Cookies help us deliver our Services. By using our Services, you agree to our use of cookies. Learn More.

The Darkest Part Of Demon Slayer That Almost Went Unnoticed

Recent hit anime "Demon Slayer" originated as a manga serialized in Weekly Shonen Jump. The "shonen" portion of the title literally means "boy" (via Jisho) while more broadly referring to a subgenre within the anime and manga industry. Successful shonen series oftentimes run for considerable lengths of time — in the case of "Naruto," for example, the series initially lasted for 700 chapters in total only for its storyline to continue in sequel series "Boruto," which is still running to this day.

Because of the scope of works like "Naruto," shonen anime and manga stories often sort heroes and villains alike into groups or ranks that serve to organize their large casts of characters. In the case of "Demon Slayer," the majority of its heroes are representatives of the Demon Slayer Corps, an organization dedicated to eradicating villainous demons from the world. At its head are nine Hashira, a position granted to the most capable among all demon hunters.

The demons, meanwhile, are headed by Demon King Muzan Kibutsuji. Directly underneath him in the demon hierarchy are the Twelve Kizuki, divided into six Upper Ranks and six Lower Ranks, representing the strongest warriors demonkind has to offer. The finale of the first season of "Demon Slayer" grants viewers a look at major behind-the-scenes developments within the ranks of the Twelve Kizuki, amounting to what some viewers may not realize is one of the darkest moments in the show's run thus far.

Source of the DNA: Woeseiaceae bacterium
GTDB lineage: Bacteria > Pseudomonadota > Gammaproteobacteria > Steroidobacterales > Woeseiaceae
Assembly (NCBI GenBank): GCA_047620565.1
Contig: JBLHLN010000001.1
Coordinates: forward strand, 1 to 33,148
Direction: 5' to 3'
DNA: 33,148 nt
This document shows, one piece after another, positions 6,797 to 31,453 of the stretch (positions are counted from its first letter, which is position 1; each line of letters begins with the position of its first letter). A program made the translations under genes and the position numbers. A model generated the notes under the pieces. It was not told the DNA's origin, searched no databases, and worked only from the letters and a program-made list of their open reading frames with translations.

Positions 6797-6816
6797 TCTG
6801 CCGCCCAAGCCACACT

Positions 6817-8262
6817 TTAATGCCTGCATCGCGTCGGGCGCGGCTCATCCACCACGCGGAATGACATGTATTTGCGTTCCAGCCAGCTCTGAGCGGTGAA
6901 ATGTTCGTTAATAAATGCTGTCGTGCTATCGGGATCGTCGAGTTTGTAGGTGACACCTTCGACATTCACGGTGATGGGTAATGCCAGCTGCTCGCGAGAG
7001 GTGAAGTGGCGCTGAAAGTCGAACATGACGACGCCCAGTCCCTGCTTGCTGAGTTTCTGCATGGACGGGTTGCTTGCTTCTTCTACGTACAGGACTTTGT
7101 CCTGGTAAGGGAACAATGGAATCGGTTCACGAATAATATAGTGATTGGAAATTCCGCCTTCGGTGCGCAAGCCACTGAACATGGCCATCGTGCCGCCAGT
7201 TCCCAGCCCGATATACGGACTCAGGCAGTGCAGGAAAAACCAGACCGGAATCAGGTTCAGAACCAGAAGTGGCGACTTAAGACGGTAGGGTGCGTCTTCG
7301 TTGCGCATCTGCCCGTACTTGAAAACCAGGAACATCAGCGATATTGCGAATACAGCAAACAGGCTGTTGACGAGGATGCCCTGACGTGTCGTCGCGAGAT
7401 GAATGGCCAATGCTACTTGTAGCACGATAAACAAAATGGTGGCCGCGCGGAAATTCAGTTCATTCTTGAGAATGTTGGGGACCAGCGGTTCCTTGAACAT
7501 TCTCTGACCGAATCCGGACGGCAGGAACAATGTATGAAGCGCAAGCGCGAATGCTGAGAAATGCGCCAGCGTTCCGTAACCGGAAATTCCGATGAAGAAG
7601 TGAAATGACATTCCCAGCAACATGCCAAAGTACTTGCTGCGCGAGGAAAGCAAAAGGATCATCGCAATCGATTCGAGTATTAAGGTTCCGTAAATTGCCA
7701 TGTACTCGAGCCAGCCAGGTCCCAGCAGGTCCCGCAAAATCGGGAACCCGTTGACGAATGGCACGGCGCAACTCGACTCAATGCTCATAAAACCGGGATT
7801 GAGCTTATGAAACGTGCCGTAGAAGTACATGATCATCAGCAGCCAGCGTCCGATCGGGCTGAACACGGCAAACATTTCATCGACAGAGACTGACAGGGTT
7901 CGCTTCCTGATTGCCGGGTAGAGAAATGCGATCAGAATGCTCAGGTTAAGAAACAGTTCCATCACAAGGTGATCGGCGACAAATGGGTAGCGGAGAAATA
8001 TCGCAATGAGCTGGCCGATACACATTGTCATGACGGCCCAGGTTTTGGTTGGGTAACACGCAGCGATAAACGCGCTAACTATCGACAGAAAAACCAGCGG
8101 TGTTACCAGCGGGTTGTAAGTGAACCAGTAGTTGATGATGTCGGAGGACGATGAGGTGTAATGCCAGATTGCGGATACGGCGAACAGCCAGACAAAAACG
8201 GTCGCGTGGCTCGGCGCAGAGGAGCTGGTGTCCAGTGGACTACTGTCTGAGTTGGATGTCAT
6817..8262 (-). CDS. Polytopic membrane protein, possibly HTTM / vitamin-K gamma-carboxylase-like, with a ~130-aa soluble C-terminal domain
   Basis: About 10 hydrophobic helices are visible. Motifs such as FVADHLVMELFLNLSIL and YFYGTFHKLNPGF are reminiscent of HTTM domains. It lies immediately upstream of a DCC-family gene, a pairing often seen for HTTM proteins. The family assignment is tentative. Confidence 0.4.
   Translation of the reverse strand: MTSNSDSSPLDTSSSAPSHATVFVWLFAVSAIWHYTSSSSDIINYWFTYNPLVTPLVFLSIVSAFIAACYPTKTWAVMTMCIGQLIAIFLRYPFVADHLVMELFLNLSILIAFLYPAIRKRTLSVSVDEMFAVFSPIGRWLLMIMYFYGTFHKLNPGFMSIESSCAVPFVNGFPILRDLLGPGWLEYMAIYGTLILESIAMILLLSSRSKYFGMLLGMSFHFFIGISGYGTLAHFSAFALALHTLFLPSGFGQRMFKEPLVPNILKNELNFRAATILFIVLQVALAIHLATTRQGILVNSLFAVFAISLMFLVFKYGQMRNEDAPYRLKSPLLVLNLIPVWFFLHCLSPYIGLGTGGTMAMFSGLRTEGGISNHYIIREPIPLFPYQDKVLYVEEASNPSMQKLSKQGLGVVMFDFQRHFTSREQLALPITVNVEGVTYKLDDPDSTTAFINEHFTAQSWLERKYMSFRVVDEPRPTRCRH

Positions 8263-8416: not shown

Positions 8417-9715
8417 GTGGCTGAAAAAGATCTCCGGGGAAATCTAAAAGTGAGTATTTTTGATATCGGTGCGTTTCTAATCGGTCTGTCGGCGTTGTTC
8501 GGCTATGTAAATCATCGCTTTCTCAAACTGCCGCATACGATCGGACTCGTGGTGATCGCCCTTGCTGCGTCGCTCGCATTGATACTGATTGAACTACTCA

Demons are people too

Oftentimes, individual demons in "Demon Slayer" aren't entirely unsympathetic. Over the course of Tanjiro's fight with Drum Demon Kyogai, for example, it's revealed that Kyogai's villainy is motivated by a simple desire for respect as an artist. Spider demon Rui, meanwhile, turned to villainy primarily due to wanting a functional human body and a caring family. Tanjiro even meets Tamayo, a benevolent demon, while perpetually accompanied by his demonic sister Nezuko. In short, then, even bloodthirsty demons possess markedly human characteristics in the world of "Demon Slayer."

In the Season 1 finale, demon leader Muzan addresses the members of the Lower Ranks of the Twelve Kizuki, who total five following Rui's defeat. After some scolding, Muzan murders four of the remaining five members out of anger. Presumably, those demons had sympathetic, human backstories too, so their unceremonious deaths contrast starkly with, for example, Tanjiro complimenting Kyogai's demonic abilities, thus granting him the acknowledgment of the artistic skills he coveted in his human life before his death.

Not only does Muzan treat the demons they slaughter as disposable, but as the Demon King, Muzan is something of a parental figure. So, not only is their act a waste of human-ish life but a familial betrayal. At a glance, Muzan killing four underlings may appear to be villainy as expected from the series' big bad, but underneath the surface, Muzan reveals their true colors at that moment as a villain as heartless as they are ruthless.